Tulsa is a vibrant, progressive city filled with history, culture, and warm-hearted locals. What’s more, it benefits from the generosity of native son George Kaiser, whose foundation has endowed Tulsa with unique offerings that far outstrip its modest size.
Route 66 OdditiesJosh New/GKFF
More than 400 miles of this legendary route cut through Oklahoma, with many curious stops near Tulsa, including vintage filling stations, the Cave House, the Blue Whale of Catoosa and, of course, The Golden Driller, an iconic 75-foot sculpture at the Oklahoma State Fairgrounds. Step into the circle at the “Center of the Universe” and make a noise—the sound will reverberate around you like a natural echo chamber.
Gathering PlaceJosh New/GKFF
There are public parks, and then there’s A Gathering Place For Tulsa: Opened in September 2018, its scale and diverse offerings make this sustainable, inclusive space something of a mini-amusement park— only without the admission charge. More than 66 acres of gardens, walking trails, restaurants, a boathouse, skateparks, basketball courts, concert space and more (including a mind-bending Cabinet of Wonder). You could spend an entire weekend at Gathering Place and still not see everything.Josh New/GKFF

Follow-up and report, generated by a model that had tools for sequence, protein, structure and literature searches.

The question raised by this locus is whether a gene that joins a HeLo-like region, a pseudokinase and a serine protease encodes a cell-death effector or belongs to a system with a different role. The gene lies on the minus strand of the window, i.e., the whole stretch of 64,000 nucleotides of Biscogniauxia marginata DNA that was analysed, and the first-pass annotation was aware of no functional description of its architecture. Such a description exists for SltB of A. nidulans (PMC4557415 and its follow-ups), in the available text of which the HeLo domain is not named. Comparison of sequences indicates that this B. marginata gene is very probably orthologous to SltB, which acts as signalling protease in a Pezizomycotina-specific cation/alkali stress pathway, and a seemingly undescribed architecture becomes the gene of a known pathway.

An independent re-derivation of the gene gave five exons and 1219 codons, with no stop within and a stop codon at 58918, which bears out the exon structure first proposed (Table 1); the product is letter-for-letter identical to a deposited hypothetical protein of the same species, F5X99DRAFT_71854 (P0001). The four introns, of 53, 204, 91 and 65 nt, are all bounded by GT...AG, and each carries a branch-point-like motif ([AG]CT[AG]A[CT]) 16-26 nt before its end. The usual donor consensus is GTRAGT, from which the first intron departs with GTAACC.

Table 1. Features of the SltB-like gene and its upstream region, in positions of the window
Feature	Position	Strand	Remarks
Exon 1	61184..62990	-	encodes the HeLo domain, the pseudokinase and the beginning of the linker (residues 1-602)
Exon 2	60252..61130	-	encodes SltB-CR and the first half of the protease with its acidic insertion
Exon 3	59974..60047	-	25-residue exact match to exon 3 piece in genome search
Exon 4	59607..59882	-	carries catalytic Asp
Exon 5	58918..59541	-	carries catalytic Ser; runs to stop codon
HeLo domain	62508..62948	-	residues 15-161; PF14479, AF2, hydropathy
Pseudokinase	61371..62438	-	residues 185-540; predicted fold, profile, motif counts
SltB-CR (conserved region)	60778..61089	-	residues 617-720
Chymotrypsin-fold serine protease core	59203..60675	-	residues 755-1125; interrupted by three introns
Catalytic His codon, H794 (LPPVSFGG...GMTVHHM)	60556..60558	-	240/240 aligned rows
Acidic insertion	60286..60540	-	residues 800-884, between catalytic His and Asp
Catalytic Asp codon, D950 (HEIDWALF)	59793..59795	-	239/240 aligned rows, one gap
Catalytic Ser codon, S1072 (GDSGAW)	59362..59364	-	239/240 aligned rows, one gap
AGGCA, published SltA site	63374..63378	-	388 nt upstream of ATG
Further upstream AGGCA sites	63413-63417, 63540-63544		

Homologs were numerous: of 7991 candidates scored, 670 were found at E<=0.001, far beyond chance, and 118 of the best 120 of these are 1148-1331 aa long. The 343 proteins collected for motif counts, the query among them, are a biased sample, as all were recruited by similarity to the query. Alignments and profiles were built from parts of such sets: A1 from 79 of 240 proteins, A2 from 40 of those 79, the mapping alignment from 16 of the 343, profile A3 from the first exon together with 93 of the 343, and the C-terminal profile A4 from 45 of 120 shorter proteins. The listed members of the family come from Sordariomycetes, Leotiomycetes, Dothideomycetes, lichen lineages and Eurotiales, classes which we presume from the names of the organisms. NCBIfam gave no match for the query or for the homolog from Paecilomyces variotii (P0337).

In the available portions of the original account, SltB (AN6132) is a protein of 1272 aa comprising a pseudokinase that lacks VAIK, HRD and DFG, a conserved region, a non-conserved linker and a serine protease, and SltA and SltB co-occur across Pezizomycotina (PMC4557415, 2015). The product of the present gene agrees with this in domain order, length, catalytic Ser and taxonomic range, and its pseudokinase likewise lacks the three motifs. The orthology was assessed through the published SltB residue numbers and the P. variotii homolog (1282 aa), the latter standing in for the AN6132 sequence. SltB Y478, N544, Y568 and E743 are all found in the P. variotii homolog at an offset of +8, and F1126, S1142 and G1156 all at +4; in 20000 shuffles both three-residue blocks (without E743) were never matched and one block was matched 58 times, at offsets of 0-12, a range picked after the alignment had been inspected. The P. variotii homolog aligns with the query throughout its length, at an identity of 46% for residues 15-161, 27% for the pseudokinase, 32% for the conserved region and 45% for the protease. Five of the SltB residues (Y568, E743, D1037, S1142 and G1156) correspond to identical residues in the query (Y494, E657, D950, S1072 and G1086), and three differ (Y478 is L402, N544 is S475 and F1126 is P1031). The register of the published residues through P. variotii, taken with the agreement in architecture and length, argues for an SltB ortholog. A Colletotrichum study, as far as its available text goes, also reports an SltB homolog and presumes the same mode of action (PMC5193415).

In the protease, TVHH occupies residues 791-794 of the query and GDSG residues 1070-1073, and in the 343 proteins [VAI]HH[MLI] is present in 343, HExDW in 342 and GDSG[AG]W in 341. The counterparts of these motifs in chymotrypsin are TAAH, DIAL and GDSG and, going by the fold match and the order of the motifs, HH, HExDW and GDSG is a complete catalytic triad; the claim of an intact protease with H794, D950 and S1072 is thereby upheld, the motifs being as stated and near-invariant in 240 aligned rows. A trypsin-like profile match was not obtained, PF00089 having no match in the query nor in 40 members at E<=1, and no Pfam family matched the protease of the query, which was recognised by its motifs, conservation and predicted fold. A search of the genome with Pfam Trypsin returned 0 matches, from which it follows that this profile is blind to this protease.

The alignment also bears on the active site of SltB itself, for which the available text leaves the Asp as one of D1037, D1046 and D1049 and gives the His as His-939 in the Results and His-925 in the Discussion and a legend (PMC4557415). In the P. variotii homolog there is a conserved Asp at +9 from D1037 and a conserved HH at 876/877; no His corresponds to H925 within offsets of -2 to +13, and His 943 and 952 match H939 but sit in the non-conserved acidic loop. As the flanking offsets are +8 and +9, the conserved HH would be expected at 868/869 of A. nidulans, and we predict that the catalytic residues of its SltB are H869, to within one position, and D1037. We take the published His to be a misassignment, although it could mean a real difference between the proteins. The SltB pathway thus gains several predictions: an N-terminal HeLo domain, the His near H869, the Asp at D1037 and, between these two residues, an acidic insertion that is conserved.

Even as an adult, I was in heaven traversing rope bridges, scurrying up castle stars, sliding down slides and maneuvering through the water features in the five-acre adventure playground. But it’s not just for kids: One of the largest buildings in Gathering Place is the Williams Lodge, a breathtakingly gorgeous welcome center (though the word doesn’t do it justice) forged from three-ton sandstone boulders and six species of wood. Check your email cozying up on gorgeous minimalist furniture, warm up by the two-story walk-in fireplace, or get a double scoop at the downstairs ice cream parlor. And yes, there’s free wifi.
Black Wall StreetJosh New/GKFF